"Stronger passenger, weaker freight," says IATA

"Stronger passenger, weaker freight," says IATA

European carriers met an 8.4% increase in demand over the previous year with a 5.9% increase in capacity, according to September’s latest traffic results. The International Air Transport Association (IATA) has reported that the region’s carriers flew with an average load factor of 82.6%, a figure an encouraging 2% above pre-recession levels. Overall, international passenger traffic had a 10.5% year-on-year increase, which is significantly stronger than the 6.5% rise recorded for August. International freight traffic, however, recorded a 14.8% year-on-year increase, which is significantly weaker than the 19.0% rise recorded in August.According to Giovanni Bisignani, IATA’s Director General and CEO, the contrast between the performance of freight and passenger markets provides a mixed picture for industry performance. “The industry’s situation is volatile. Passenger traffic represents about three quarters of the industry’s revenues. While September’s passenger growth is reassuring, the accelerating decline of air freight, including in Asia, is an early indicator of some turbulence ahead,” he added.Elsewhere, North American carriers saw their traffic climb back to pre-recession levels during the month, with an 11.1% increase in passenger demand compared to the previous September, and Middle Eastern carriers led the industry growth with an impressive 23.9% increase. However, Bisignani remained cautious about the coming months ahead. “Government actions can impact the sustainability of the recovery,” he added. “Austerity measures will dampen demand. When combined with new or increased taxation, as we have seen in Germany and the UK, the challenges are even greater. Governments must understand that air transport is an economic catalyst. Last year, we saw that a EUR312 million departure tax in the Netherlands cost the Dutch economy EUR1.2 billion. Further taxing the industry makes no sense when the focus of governments should be on making the recovery sustainable.”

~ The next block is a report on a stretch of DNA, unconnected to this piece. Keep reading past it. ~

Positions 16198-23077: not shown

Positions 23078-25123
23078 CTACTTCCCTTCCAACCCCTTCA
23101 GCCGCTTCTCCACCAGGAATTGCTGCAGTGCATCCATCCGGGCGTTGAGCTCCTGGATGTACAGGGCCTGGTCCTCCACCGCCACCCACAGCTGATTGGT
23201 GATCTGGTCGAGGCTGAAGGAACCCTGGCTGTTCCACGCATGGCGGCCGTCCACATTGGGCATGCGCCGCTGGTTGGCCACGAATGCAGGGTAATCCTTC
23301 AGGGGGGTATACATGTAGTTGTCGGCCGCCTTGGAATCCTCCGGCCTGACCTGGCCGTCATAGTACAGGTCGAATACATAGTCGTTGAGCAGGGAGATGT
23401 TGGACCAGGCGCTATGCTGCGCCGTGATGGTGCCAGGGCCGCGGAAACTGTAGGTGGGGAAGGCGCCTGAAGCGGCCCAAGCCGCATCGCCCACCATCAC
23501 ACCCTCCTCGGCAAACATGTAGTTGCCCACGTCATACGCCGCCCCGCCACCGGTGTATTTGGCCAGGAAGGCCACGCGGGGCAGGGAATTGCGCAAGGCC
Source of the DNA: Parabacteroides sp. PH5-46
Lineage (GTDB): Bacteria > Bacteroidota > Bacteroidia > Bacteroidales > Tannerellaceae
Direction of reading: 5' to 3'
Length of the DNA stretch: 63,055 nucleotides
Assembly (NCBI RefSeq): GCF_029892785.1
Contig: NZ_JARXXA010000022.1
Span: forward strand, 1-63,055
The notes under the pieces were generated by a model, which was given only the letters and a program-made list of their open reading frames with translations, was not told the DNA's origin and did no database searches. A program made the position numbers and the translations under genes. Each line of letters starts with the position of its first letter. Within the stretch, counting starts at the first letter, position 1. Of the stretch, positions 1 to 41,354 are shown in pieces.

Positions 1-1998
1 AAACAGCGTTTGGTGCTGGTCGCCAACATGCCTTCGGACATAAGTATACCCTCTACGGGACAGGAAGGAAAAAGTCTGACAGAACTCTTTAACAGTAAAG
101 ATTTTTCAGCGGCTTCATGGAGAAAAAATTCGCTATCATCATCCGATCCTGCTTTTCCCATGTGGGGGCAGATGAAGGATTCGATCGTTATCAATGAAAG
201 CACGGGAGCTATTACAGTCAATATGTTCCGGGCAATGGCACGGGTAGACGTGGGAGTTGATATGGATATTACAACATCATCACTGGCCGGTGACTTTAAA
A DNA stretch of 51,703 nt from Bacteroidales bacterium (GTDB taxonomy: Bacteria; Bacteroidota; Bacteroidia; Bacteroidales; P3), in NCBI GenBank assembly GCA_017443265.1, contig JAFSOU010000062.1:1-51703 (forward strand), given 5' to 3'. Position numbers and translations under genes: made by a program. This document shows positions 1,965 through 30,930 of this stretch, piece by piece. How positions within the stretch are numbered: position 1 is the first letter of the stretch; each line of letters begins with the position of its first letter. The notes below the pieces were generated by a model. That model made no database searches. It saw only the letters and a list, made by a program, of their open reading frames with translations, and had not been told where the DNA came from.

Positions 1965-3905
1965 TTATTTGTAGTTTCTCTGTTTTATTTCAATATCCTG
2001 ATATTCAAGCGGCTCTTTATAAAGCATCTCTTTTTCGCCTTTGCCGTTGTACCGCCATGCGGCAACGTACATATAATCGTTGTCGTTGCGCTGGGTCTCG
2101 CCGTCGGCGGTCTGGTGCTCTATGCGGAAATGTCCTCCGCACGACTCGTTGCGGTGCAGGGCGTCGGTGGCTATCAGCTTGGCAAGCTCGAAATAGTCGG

Gary Marshall
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Gary Marshall
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